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Jenkins without plugins is almost useless. All plugins are treated equal and published almost right away. Because there is no process for testing Jenkins' integration, the overall Jenkins experience is not that great. Furthermore, Jenkins' core and plugins are released on a regular basis, all requiring instant restarts, meaning that updates appear more than once a day! See More
There have been several complaints by users regarding the quality of the plug-ins found in Jenkins' official plugin repo. A lot of plugins found in the default plugin directory are no longer actively maintained and as a result, they may be incompatible with later versions of Jenkins or other plugins. See More
This is called the Jenkins Long-Term Support (LTS) version and helps to provide the most stable and assuring version of the Jenkins CI possible. Every 3 months, a version (which has been deemed the most reliable by the community) is chosen. After this, its branched, well-tested features are added (if they are missing), it is tested with the new features, bug fixes are then carried out if necessary, and from there it is released as the official Jenkins LTS version. See More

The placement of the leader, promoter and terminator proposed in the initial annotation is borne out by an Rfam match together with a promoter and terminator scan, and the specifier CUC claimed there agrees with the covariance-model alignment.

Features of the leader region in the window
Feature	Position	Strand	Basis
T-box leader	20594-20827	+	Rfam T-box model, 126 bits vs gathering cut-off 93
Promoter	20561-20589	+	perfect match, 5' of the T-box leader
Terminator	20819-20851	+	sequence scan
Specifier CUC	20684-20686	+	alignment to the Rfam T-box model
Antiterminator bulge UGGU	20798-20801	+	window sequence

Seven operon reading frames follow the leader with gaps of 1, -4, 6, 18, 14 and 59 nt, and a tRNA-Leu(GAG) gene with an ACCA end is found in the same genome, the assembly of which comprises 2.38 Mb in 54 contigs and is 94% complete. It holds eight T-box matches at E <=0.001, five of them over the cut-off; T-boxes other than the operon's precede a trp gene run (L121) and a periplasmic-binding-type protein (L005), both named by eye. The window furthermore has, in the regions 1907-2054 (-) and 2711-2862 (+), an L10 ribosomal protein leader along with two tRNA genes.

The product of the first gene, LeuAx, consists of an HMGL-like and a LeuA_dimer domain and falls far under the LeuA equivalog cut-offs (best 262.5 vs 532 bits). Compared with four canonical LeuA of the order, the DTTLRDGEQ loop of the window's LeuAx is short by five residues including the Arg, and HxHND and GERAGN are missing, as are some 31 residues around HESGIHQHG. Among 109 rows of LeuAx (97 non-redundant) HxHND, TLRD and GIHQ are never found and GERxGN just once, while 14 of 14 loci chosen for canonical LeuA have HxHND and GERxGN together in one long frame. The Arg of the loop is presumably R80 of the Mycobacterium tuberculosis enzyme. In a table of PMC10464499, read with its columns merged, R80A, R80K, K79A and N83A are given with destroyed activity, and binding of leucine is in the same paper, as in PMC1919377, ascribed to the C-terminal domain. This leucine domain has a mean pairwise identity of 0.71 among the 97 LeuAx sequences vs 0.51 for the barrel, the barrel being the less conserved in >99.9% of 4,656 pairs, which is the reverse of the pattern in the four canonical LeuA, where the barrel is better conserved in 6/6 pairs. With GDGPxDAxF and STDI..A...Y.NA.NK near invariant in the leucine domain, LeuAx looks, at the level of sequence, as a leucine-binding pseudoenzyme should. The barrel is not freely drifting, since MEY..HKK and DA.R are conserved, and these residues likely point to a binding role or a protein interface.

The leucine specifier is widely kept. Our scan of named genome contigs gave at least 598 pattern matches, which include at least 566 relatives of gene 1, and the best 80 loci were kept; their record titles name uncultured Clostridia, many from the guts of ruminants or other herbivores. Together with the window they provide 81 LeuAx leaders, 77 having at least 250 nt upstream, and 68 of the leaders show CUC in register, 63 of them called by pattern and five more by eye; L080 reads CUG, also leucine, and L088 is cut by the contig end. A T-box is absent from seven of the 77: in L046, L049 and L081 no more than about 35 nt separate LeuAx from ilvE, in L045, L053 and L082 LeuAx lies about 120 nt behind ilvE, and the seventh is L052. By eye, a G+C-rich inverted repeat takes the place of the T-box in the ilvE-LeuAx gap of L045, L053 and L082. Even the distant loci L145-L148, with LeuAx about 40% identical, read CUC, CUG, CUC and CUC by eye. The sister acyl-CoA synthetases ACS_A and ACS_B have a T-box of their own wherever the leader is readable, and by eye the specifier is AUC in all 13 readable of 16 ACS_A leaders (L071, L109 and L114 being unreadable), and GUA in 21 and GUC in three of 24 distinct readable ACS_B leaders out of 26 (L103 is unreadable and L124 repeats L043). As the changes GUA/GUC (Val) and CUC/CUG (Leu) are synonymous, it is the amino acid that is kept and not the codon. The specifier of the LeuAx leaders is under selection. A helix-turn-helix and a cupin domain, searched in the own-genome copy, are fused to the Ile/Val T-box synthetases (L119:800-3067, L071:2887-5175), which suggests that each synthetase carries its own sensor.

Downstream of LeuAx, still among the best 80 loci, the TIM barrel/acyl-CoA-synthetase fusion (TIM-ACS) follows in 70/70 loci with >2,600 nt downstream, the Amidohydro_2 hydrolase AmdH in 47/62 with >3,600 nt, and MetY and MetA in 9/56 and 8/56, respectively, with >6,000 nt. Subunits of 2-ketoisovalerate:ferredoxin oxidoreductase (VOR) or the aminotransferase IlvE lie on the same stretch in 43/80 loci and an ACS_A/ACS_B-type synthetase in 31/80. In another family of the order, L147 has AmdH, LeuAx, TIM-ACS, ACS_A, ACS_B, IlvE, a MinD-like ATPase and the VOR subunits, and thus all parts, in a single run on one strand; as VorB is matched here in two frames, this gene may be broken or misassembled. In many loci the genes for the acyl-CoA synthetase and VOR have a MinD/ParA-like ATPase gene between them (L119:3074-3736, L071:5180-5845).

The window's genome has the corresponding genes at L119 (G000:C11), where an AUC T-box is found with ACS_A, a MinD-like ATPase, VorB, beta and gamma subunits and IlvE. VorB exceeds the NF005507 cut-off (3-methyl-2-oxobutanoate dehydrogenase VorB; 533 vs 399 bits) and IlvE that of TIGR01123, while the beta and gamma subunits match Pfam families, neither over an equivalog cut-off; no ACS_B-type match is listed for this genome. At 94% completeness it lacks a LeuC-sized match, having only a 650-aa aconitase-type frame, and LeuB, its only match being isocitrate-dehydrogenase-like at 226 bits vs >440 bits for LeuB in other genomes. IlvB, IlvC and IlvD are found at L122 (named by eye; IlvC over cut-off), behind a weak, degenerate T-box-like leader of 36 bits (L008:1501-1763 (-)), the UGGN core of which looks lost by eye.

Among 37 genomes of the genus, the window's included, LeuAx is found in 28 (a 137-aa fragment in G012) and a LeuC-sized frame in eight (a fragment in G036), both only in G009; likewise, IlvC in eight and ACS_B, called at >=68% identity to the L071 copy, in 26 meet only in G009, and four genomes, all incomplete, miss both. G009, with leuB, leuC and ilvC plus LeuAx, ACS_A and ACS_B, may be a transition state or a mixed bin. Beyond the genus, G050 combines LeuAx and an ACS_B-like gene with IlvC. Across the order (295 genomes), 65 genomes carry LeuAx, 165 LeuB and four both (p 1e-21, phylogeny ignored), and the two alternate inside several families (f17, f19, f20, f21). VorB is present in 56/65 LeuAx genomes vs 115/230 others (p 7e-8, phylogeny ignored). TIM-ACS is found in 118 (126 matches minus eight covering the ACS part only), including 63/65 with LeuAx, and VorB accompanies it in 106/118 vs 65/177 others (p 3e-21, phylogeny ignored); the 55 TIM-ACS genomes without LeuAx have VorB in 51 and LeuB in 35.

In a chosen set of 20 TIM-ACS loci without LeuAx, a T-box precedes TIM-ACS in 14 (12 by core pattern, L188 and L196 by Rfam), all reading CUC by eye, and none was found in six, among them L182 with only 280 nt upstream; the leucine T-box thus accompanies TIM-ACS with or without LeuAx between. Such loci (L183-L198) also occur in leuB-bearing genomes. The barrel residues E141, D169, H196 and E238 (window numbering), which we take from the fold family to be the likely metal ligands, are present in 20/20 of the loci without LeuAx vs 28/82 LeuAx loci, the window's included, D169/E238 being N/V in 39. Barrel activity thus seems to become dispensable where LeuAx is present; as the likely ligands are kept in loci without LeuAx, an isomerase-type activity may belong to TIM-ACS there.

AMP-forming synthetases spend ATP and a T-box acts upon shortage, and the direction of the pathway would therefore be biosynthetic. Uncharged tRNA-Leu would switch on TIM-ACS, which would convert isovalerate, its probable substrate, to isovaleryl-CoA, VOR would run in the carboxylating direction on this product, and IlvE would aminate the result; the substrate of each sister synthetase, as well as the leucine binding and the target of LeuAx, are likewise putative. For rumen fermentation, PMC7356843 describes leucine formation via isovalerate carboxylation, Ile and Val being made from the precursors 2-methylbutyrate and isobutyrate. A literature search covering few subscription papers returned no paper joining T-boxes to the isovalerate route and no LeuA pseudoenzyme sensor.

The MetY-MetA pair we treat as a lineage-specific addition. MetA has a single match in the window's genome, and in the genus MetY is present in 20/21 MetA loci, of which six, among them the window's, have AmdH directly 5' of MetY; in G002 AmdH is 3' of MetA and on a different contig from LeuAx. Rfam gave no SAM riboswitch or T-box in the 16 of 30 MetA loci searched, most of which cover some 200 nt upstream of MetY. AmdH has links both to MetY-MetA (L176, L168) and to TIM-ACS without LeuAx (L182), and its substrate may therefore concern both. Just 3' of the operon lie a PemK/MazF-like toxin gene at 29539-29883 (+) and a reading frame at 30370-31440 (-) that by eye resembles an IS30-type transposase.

Starting with Jenkins 2.0, the pipeline capability, which has been available as a plugin before this version, has been built into Jenkins itself. This allows developers to describe their chain of automation in text form, which can be version controlled and put alongside the source tree. See More
The fact that it is based on Java does not hinder TeamCity's ability to support different build environments. TeamCity in fact supports a large number of languages and tools for each of those languages (build runners and test frameworks). Some of the languages/platforms that are supported include: Ruby, .NET, Java. See More
The user can easily compose dependencies between builds by adding snapshot and artifact dependencies, all on the one screen. All output of upstream builds is available to downstream builds. Triggering sets off the entire build chain and supports re-running of the portions of the chain that failed. See More
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